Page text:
Trader Joe’s risks outgrowing niche

  • Story
  • Photos 01
  • Comments

‘);
$(“#content-tool-box-“+tool_name).jqm({trigger:this,overlay:20});
}
});
});

Carts are lined up at a Trader Joe’s store in La Crescenta, Calif., last week before it closed.
(Full-size photo)

LOS ANGELES – In the foothills of La Crescenta, Calif., a small Trader Joe’s grocery store was nestled in a strip mall of tiny shops and self-serve laundries, a neighborhood institution for 43 years – and the second-oldest location for the popular Southern California-based grocery chain.

But taped on its doors in October were handwritten signs noting the end of its reign: “We’re moving!”

When the location closed its doors last week, most of its crew transitioned to a built-from-scratch store in nearby Montrose that boasts more spacious aisles, higher ceilings and a trim brick-and-glass exterior.

After decades cultivating an image as the cozy neighborhood grocer, the 14,670-square-foot store highlights the conundrum facing the Monrovia, Calif., company: how to maintain the eclectic, friendly vibe that has garnered it legions of faithful shoppers, while expanding at a brisk pace.

The chain has grown from more than 20 locations in Southern California in the 1970s to more than 360 shops in far-flung places such as New York, Chicago and Des Moines, Iowa. Its smallest shop, at 5,500 square feet, is in Boston. A 12,000-square-foot store opened Oct. 28 on Spokane’s South Hill.

Last year, the company pulled in an estimated $8 billion in sales, roughly on par with rival Whole Foods Market, based in Austin, Texas.

“Their mission is to be a nationwide chain of neighborhood specialty grocery stores,” said Mark Mallinger, a Pepperdine University business professor who has done research on the company. “But there’s a dichotomy there.”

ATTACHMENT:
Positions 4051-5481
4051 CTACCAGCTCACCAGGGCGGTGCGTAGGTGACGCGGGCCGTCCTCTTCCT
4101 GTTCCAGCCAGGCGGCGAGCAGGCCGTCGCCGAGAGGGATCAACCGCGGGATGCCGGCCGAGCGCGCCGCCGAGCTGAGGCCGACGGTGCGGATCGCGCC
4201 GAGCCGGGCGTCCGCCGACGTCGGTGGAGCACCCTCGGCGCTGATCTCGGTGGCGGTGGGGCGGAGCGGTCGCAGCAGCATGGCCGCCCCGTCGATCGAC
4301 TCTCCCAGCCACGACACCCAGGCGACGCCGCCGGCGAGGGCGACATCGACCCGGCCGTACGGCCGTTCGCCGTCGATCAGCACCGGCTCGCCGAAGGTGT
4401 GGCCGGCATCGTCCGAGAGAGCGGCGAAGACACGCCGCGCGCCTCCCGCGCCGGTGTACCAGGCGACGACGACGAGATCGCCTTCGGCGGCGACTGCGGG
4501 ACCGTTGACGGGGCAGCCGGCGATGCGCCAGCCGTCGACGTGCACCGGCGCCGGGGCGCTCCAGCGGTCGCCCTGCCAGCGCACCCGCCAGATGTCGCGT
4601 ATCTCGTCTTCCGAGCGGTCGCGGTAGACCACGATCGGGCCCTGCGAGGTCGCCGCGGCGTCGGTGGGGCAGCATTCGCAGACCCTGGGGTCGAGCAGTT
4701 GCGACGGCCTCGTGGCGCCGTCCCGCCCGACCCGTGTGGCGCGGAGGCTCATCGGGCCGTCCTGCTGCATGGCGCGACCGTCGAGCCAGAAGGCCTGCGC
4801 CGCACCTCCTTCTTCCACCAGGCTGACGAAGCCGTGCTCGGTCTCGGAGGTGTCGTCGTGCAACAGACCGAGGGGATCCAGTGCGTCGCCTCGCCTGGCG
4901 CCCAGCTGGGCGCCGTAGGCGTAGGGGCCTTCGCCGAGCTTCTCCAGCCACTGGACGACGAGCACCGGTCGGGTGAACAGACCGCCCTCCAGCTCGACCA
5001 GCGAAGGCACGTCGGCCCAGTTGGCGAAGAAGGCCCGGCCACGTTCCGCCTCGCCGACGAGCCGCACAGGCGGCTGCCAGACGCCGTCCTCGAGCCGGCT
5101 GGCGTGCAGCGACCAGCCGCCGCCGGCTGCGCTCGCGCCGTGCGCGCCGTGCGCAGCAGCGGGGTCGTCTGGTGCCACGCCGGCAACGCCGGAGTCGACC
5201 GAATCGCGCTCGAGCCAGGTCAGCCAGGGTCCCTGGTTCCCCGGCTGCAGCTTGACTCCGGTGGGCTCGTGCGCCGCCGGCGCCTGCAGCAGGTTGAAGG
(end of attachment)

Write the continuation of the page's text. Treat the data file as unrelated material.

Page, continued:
Industry experts say the Montrose store is a harbinger of where Trader Joe’s is headed as it grows in the coming years and competes head-to-head with upscale grocers such as Whole Foods and Bristol Farms.

The private company has been on an expansion binge the past three years, opening about 40 new stores a year and expanding well beyond Southern California, said Burt Flickinger, managing director of retail consulting firm Strategic Resource Group in New York.

The quirky roots of the company stretch back to the original Joe Coulombe, who opened the first Trader Joe’s – still standing today – in Pasadena, Calif., in 1967. He made a name for the store by selling leftover cases of fine wine bought at California vineyards for a low price, and later added health food to the shelves. He sold the chain in 1979 to the Albrecht family in Germany.

But Flickinger, who has followed the chain for decades, said the company seeks to expand the size of its shops by building new stores and renting bigger retail spaces in new markets.

The average Trader Joe’s store probably will increase from between 10,000 square feet and 15,000 square feet now to 15,000 square feet and bigger, Flickinger predicts.

“Trader Joe’s can make double or triple the sales volume per week at a bigger store than at a small store, while checkmating competitors,” he said.

Recent stories in Business

Leave a Reply